The increase in nuclear MITF that followed ARSB silencing was profoundly inhibited by the phospho-p38 MAPK inhibitor SB203580 and by genistein, but not by the PI3K/AKT inhibitor (Fig 3B). Effectiveness of the p38 phosphorylation inhibitor was shown by the marked decline in the phospho-p38 to total p38 ratio following treatment (Fig 3C).

SHP2 activity declines when ARSB is reduced and increases with ARSB overexpression

Since SHP2 is required for the tyrosine dephosphorylation of p38 MAPK and p38 phosphorylation was implicated in the increases in nuclear MITF and GPNMB, the activity of SHP2 (expressed as nmol / mg protein / 0.5hr) in the ARSB null mice and in the HepG2 cells was evaluated following ARSB silencing and overexpression. In the ARSB-silenced HepG2 cells, SHP2 activity declined significantly (p<0.001), but increased when ARSB was overexpressed (p<0.001) (Fig 4A). SHP2 activity was also significantly reduced in the hepatic tissue of the ARSB null mice (male ~40% reduction and female ~34% reduction) (p<0.001; n = 12) (Fig 4B).

thumbnail
Fig 4. Decline in SHP2 activity follows decline in ARSB in HepG2 cells and in ARSB-null mice.

(A) The SHP2 activity declined ~36% from (2.49 ± 0.15 nmol/mg protein/0.5 h to 1.59 nmol/mg protein/0.5h) following ARSB silencing (p<0.001; n = 6), and increased to 3.70 ± 0.16 nmol.mg protein/0.5h when ARSB was overexpressed in the HepG2 cells (p<0.001; n = 3). (B) SHP2 activity was markedly reduced in the ARSB-null mice (declining from 1.99 ± 0.12 to 1.33 ± 0.10 nmol/mg protein/0.5h, p = 0.001 (F); and 2.09 ± 0.13 to 1.28 ± 0.06 nmol/mg protein/h, p = 0.0006 (M), unpaired t-test, two-tailed; n = 3 per group). (C) The impact of different SHP2 DNA constructs on the SHP2 activity was tested. Constitutively active(CA)- and wild-type(WT)-SHP2 DNA increased the SHP2 activity (p<0.001, p<0.05), and dominant negative (DN)-SHP2 DNA inhibited the SHP2 activity (p<0.001). ARSB siRNA, the SHP2 inhibitor PHSP1, and PHSP1 in combination with ARSB siRNA or with ARSB OE reduced the activity (p<0.001; n = 3), in comparison to the controls. SHP2 activity in the CA was ~50 times greater than in the DN (5.04 ± 0.10 nmol/mg protein/0.5h vs. 0.10 ± 0.01 nmol/mg protein/0.5h). [AF = ARSB-null female; AM = ARSB-null male; ARSB = arylsulfatase B; CA = constitutively active; CF = control female; CM = control male; DN = dominant negative; OE = overexpression;si = siRNA; WT = wild-type; * for decrease; # for increase]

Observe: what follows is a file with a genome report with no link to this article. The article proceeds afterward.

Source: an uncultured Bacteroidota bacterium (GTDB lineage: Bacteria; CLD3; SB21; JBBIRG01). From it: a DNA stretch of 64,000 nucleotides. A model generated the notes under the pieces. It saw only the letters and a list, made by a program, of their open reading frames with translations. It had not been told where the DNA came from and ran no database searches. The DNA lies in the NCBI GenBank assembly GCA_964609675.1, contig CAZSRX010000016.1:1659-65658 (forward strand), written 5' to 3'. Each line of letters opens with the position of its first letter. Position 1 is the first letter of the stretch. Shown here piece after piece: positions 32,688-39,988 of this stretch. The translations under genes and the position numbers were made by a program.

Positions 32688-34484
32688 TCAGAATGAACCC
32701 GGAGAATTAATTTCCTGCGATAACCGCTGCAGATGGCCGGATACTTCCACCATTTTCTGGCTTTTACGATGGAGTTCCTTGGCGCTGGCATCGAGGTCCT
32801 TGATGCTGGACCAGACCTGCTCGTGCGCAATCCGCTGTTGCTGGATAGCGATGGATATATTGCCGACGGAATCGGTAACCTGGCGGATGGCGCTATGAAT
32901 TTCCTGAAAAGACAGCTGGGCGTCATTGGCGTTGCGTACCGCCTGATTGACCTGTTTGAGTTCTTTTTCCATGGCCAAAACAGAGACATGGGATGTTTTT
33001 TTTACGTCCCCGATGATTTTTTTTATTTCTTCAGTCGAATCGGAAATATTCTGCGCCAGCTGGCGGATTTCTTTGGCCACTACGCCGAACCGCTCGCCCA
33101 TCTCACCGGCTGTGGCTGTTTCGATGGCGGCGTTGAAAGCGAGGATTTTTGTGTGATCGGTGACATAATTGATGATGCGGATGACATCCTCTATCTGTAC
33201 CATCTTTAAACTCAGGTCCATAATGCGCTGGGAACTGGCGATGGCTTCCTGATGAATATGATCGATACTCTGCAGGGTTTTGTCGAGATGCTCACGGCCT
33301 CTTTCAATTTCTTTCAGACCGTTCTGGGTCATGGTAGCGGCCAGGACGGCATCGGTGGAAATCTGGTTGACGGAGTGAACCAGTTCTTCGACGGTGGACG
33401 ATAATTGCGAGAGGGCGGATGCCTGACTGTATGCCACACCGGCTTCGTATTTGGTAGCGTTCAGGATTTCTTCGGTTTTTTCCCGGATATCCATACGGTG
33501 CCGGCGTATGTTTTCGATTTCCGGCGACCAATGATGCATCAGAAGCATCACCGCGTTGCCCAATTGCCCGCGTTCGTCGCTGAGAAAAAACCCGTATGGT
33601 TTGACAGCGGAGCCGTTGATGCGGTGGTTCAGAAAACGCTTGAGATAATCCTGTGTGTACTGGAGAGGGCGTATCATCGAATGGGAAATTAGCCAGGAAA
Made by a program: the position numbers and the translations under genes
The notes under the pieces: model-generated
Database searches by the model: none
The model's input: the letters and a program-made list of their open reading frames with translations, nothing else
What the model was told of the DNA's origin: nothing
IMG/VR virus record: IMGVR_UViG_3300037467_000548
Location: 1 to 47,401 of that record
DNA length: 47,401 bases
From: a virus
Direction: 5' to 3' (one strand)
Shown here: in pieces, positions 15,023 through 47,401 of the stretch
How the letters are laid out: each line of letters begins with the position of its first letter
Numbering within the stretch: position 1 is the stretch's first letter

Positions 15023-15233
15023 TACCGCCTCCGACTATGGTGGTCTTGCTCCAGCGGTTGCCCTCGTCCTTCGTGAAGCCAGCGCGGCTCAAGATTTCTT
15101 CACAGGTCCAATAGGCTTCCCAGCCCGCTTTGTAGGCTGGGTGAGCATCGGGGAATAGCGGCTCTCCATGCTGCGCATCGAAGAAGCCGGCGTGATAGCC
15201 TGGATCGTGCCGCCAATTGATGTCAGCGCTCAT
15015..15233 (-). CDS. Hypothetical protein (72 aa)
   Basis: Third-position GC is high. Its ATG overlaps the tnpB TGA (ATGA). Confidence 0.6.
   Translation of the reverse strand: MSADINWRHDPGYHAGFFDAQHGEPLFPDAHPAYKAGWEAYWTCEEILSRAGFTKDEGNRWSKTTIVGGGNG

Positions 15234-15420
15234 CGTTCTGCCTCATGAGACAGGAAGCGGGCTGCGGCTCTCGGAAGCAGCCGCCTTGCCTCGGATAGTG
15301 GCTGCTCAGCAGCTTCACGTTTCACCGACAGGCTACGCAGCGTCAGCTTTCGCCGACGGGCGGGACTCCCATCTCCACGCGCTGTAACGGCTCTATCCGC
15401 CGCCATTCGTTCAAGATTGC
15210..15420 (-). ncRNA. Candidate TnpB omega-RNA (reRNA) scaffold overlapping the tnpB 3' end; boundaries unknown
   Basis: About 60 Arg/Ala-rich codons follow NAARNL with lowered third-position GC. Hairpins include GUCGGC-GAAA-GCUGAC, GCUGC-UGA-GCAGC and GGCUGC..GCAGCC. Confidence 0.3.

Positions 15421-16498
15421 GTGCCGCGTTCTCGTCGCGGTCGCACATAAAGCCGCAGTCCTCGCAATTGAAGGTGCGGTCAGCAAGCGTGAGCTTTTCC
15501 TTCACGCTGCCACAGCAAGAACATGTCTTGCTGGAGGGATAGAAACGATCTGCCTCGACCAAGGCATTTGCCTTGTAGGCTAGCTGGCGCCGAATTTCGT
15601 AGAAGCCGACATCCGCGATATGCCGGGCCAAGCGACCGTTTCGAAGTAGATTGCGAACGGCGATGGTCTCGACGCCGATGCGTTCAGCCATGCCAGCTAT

https://doi.org/10.1371/journal.pone.0153463.g004

The effects of different SHP2 DNA constructs were tested in the HepG2 cells using the SHP2 activity assay (Fig 4C). As expected, constitutively active (CA) and wild-type (WT) SHP2 DNA increased the SHP2 activity. Dominant negative (DN)-SHP2 DNA construct reduced the activity. The SHP2 chemical inhibitor PHSP1 [35] markedly inhibited the SHP2 activity, and the combination of PHSP1 and ARSB silencing did not further inhibit the SHP2 activity.

Decline in SHP2 increases phospho-p38 to total p38 ratio, nuclear MITF, GPNMB promoter activation, and GPNMB

The phosphorylation of p38 MAPK was detected by fast-activated cell-based ELISA in treated and control HepG2 cells, following transfection with the SHP2 DNA vectors described above. Increase in the phospho-p38 to total p38 ratio followed treatment with ARSB siRNA, the SHP2 inhibitor PHSP1, or transfection by DN-SHP2 DNA (p<0.001; n = 5). The phospho-p38 to total p38 ratio increased by >100%, 75% and 80%, respectively, due to these treatments (Fig 5A). In contrast, ARSB overexpression reduced the ratio of phospho-p38 to total p38 by more than 50% (p<0.01), and transfection with CA-SHP2 DNA vector (p<0.001) decreased the ratio to less than 10% of the control value. PHSP1 treatment of ARSB-silenced HepG2 cells had no additional impact on the ratio.

thumbnail
Fig 5. Decline in SHP2 leads to increases in phospho-p38 to total p38 ratio, nuclear MITF, GPNMB promoter activity, and GPNMB in HepG2 cells.

(A) The ratio of phospho-p38 to total p38 increased to 0.43 ± 0.02 following ARSB siRNA and to 0.38 ± 0.02 following PHSP1 treatment from a control level of 0.21 ± 0.02 (p<0.001; n = 5). DN-SHP2 DNA also increased the ratio (to 0.39 ± 0.03). In contrast, ARSB overexpression (p<0.01) and CA-SHP2 DNA construct (p<0.001) decreased the ratio to 0.10 ± 0.01 and 0.02 ± 0.002, respectively.(B) Nuclear MITF increased following ARSB silencing (1.25 ± 0.23 ng/mg protein) and treatment with the DN-SHP2 DNA vector (to 1.37 ± 0.08 ng/mg protein) and the SHP2 inhibitor PHSP1 (1.20 ± 0.10 ng/mg protein) from a control level of 0.36 ± 0.001 ng/mg protein(p<0.001; n = 5), in contrast to the declines following ARSB overexpression or treatment with the CA-SHP2 or WT-SHP2 DNA vectors. PHSP1 treatment of cells in which ARSB was overexpressed reversed the decline in nuclear MITF (p<0.001; n = 5). (C) GPNMB promoter activity was increased by PHSP1 to ~4.4 times the control level (p<0.001; n = 5) and by ARSB silencing (to ~4.0 times control), as previously noted (Fig 2C). The combination of ARSB siRNA and PHSP1 had no greater effect. (D) GPNMB protein was increased by ARSB silencing, PHSP1, and DN SHP2 and reduced by ARSB overexpression, CA SHP2, and WT SHP2. Increase was greatest following CASHP2, increasing to 30.9 ± 1.7 ng/mg protein from control level of 5.13 ± 0.13 ng/mg protein. [ARSB = arylsulfatase B; CA = constitutively active; DN = dominant negative; GPNMB = glycoprotein (transmembrane) NMB; Inh = inhibitor; MITF = microphthalmia-associated transcription factor; OE = overexpression; RLU = relative luciferase units; si = siRNA; Vcon = vector control; WT = wild-type]